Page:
When I was growing up, I remember comments like “he’s built up a wealth of experience” or “you can’t buy experience”. But, at the time I associated these sorts of comments with “old” people who seemed to be well behind the curve in technology and so “what could they possibly know about business today?”.
I think I have built up a reasonable amount of experience since then. Does that make me “old”. I know what my daughter would say.
You cannot help but build up experience during the course of your life. You cannot avoid it. However, you do have a say in what sort of experiences you accumulate. In our case we have emersed ourselves in a business environment for the last few years. We have the experience of seeing every form of accounting records that any of our clients could possibly deliver, we have negotiated leases, we have employed staff, and we navigate the regulatory environment of our profession. We also now have experience of acquiring other practices and running multiple locations, which by any stretch of the imagination are geographically challenged. Our choice.
I was speaking to someone a few days ago who could not imagine running more that one location. We were like that once. But, if you are open to developing as a person and feel that you are ready then each step you take, each mistake you make adds to your own experience and opens doors to yet more experiences. With each step you grow not just as a business, but as a person. Each step expands your comfort zone. You grow and with each experience you become more comfortable with taking on new experiences that just a few years ago, you would have thought were beyond you.
In my own mind, experience is just one part of what you need. I have met some very experienced accountants who struggle with technology and all the momentous changes that we are seeing in the UK tax system. Their experience is valuable, but they have not grasped the opportunities that this affords them. I sometimes think that I am struggling with the new technologies but then I speak to other accountants, and I realise that, although I will not know as much as some, I am well up there. Anyway, if I do need help, I just go and speak to Helen, and she keeps me right.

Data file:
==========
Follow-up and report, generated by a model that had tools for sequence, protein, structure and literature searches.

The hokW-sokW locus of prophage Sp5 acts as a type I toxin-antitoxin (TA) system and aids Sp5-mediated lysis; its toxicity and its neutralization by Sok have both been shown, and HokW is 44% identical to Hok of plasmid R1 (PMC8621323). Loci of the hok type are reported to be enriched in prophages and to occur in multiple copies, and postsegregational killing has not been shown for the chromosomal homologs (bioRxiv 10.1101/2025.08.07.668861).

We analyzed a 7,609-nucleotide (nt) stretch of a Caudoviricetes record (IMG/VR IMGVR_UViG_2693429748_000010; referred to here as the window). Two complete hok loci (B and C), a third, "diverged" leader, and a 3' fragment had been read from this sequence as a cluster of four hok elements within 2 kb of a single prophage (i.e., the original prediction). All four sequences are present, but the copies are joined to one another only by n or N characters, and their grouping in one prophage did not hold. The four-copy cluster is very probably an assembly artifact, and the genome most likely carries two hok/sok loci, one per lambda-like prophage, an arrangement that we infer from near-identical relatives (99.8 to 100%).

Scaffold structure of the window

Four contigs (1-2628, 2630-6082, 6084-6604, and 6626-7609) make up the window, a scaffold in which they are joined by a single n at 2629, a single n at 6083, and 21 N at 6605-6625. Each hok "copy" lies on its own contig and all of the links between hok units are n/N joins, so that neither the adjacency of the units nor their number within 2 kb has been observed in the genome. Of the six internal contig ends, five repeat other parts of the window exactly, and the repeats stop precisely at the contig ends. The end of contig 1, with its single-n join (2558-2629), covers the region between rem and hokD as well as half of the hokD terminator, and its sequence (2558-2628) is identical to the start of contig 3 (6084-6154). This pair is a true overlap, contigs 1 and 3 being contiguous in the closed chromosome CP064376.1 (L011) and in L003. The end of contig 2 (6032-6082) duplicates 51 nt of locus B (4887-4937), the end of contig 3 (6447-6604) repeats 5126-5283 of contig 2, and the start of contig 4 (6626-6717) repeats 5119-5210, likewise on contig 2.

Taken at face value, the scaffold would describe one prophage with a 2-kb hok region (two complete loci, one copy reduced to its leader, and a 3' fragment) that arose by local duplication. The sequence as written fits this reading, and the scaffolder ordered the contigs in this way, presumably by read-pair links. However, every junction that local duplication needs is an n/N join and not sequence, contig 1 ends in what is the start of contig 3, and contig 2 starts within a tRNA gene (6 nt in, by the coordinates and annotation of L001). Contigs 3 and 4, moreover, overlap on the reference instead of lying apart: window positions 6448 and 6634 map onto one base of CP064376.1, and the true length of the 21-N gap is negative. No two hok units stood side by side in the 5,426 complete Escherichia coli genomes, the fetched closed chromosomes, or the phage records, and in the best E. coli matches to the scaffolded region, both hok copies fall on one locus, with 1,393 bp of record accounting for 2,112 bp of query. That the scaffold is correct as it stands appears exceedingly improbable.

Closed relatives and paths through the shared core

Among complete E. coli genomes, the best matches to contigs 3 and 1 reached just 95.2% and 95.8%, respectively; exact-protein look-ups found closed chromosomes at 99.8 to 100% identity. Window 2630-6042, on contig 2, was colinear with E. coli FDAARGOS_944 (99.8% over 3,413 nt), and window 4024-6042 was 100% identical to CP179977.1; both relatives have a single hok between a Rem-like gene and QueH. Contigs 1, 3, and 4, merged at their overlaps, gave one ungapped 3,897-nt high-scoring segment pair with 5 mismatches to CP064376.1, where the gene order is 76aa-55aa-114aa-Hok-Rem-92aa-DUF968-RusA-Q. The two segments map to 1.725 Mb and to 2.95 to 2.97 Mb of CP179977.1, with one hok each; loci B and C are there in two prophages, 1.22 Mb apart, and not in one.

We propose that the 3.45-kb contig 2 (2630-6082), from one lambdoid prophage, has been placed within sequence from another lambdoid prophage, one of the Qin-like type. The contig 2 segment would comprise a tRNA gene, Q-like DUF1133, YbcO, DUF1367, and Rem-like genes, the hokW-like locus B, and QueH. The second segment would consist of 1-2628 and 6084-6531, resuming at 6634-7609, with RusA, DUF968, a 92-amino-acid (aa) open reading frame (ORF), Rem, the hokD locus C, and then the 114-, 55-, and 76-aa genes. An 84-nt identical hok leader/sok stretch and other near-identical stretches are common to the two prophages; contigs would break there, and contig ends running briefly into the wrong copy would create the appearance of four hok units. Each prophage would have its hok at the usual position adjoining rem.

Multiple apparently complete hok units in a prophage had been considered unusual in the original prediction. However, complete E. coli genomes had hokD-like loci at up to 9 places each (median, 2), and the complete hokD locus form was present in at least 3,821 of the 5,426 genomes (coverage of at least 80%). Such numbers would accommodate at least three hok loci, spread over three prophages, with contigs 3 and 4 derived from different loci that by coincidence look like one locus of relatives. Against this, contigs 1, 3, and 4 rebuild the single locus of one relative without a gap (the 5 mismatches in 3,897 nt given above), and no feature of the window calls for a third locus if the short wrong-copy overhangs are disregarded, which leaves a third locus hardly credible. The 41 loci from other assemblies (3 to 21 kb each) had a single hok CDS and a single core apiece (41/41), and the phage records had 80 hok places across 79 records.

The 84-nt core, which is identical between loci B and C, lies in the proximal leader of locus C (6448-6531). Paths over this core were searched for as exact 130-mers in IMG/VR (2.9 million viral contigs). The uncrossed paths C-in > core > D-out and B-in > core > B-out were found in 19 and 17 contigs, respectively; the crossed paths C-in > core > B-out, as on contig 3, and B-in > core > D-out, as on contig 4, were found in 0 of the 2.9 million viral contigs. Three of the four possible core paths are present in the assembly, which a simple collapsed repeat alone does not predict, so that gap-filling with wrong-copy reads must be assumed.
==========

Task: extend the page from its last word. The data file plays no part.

My mother had an expression that she used to explain why she did not like various foods. This included things as mundane as spaghetti, but she would say that “she was not brought up with it”. I think that a lot of people have this approach to life generally. I don’t think any of us like change but once you reconcile yourself to change and embrace it, you grow, and in growing this changes you. The old paper based systems have given way to computers and now cloud technology. We were not brought up with them, but we have embraced them just the same.
I find it quite funny, but I still remember the old section numbers to the Taxes Acts that were current when I trained as an accountant. The section numbers have changed with the new legislation but the new ones never seem to have stuck. The wording is much the same but for some reason the new numbers just aren’t in my brain. But I have embraced the use of all the software that we use in our day-to-day operations, paperless working, cloud-based accounting systems and all the ways in which we now communicate with you whether by Zoom, Teams, soft phones and of course mobiles. Where would be without our mobiles. But it is just what we do, and it has just built up almost imperceptibly over the years.
Building your experiences is a gradual process and what I do see so often is that people take the value of their own experience for granted and so to them has no value. I have seen people squander this capital that they have banked over the years. They know so much and yet they don’t credit it with any value or importance and just leave it “to whither on the vine” when there was much that they could have done with it.
So, in your personal life and in your work, whatever that may be, what experience have you build up in the university of life? In what subject or subjects are you qualified by experience?
Many years ago I obtained a degree from St Andrews University. It was in Geology. It does not seem particularly relevant to what I do now, but it was part of my journey. Without it I would not be doing what I do now. I have professional qualifications gained by passing exams. I remember pouring over the interaction of Development Land Tax and Capital Transfer Tax in preparation for my tax exams. Those taxes no longer exist but passing the exams was another stage in my journey. But undeniably the most valuable asset in my locker is the experience gained since those days. Without the experience gained over the years, I could not do what I do now.
In so many applications and situations there really is no substitute for experience. But as with so many things, it is not what you have, it is what you do with it that counts.
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Alan E Long
The Long Partnership